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Tuesday, July 16, 2024

Denmark Seeks to Stop Shadow Tanker Fleet Carrying Russian Oil

Maritime Activity Reports, Inc.

June 17, 2024

© Vladimir / Adobe Stock

© Vladimir / Adobe Stock

Denmark is considering ways to stop a so-called shadow fleet of tankers from carrying Russian oil through the Baltic Sea, the Nordic country said on Monday, triggering a sharp response from Moscow's diplomats who said any such move would be unacceptable.

Russia sends about a third of its seaborne oil exports, or 1.5% of global supply, through the Danish straits that sit as a gateway to the Baltic Sea, so any attempt to halt supplies could send oil prices higher and hit the Kremlin's finances.

Since Western nations imposed a price cap on Russia's oil in an attempt to curb vital funds for its war in Ukraine, Russia has relied on a fleet of often ageing tankers based and insured outside the West.

Denmark has brought together a group of allied countries to evaluate measures that would target this fleet, Foreign Minister Lars Lokke Rasmussen told Reuters in an emailed statement.

He did not say what measures were being considered.

"There is broad consensus that the shadow fleet is an international problem and that international solutions are required," Lokke Rasmussen said.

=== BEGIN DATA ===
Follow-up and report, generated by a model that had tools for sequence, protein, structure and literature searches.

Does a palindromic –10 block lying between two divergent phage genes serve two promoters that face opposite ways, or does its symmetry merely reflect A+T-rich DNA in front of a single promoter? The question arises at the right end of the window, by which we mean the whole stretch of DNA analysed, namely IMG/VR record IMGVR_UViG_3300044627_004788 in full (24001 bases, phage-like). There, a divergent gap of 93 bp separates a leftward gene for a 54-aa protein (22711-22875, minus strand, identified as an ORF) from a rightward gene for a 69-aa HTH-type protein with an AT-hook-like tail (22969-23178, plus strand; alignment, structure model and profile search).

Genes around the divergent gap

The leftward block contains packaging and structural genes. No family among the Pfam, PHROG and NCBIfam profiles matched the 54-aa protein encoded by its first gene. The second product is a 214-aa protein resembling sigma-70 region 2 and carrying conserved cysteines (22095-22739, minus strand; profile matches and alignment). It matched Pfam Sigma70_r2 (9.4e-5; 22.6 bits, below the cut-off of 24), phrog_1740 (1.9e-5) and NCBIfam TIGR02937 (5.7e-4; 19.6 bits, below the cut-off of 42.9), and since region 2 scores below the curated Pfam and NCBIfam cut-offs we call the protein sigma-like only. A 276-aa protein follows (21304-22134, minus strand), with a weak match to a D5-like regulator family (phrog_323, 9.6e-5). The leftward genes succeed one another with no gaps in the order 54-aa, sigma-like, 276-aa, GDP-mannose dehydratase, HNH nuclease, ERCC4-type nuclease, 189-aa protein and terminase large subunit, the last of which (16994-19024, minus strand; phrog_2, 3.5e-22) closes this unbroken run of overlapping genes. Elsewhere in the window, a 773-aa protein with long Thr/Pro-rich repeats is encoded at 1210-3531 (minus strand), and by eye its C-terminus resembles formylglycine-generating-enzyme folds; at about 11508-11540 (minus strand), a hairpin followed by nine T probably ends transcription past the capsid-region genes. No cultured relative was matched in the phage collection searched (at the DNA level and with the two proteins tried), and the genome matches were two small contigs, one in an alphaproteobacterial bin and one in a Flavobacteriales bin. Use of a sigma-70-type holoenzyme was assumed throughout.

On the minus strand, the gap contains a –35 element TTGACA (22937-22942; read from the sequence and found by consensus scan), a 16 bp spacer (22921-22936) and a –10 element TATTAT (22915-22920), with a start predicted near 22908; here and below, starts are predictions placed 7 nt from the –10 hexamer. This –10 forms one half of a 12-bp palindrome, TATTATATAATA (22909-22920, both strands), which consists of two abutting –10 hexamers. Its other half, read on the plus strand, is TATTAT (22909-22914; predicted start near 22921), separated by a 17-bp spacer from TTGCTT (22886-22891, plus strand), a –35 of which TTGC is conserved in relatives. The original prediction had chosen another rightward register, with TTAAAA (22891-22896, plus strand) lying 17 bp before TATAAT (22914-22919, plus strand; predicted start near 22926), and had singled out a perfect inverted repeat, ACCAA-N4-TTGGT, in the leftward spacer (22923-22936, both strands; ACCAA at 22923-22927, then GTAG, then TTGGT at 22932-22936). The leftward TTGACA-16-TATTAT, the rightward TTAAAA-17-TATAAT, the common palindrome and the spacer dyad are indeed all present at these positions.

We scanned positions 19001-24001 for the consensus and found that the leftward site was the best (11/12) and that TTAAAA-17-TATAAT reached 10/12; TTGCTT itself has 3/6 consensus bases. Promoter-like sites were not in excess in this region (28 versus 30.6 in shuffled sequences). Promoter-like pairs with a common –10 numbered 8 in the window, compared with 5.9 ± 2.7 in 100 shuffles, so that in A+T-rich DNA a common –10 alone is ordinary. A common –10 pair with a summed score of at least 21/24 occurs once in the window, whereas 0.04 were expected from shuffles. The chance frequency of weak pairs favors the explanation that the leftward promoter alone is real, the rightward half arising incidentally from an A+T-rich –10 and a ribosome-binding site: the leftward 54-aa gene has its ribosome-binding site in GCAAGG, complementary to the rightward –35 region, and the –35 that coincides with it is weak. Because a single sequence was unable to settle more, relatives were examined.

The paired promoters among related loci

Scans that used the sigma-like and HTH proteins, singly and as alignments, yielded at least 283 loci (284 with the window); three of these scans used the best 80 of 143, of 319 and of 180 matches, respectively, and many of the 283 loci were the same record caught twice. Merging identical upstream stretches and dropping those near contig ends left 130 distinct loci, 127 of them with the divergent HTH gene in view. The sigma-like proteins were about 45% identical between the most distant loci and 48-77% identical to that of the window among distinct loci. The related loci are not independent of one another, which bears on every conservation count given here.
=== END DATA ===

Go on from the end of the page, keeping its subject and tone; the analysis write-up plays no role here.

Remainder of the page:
"It's important that any new measures can be implemented in practice and that they are legally sound with regards to international law," he added.

Countries involved in the talks included other Baltic Sea states and European Union members, the minister said.

Imposing restrictions on ships passing through the straits would be unacceptable, Russia's ambassador to Denmark, Vladimir Barbin, told Reuters.

"The threat to the safety of navigation and the marine environment in the Baltic Sea are not the tankers with Russian oil, but the sanctions imposed by the West against Russia," Barbin said.

"This is what the coalition of states established at Denmark's initiative should be thinking about," he added.

The unimpeded passage of ships through Danish waters was guaranteed by the Copenhagen Treaty of 1857, which remains valid and legally binding, the ambassador said.

Denmark is concerned that old tankers transporting oil through its straits represent a potential danger to the environment.

(Reuters - Reporting by Louise Rasmussen; Editing by Terje Solsvik, Mark Potter and Christina Fincher)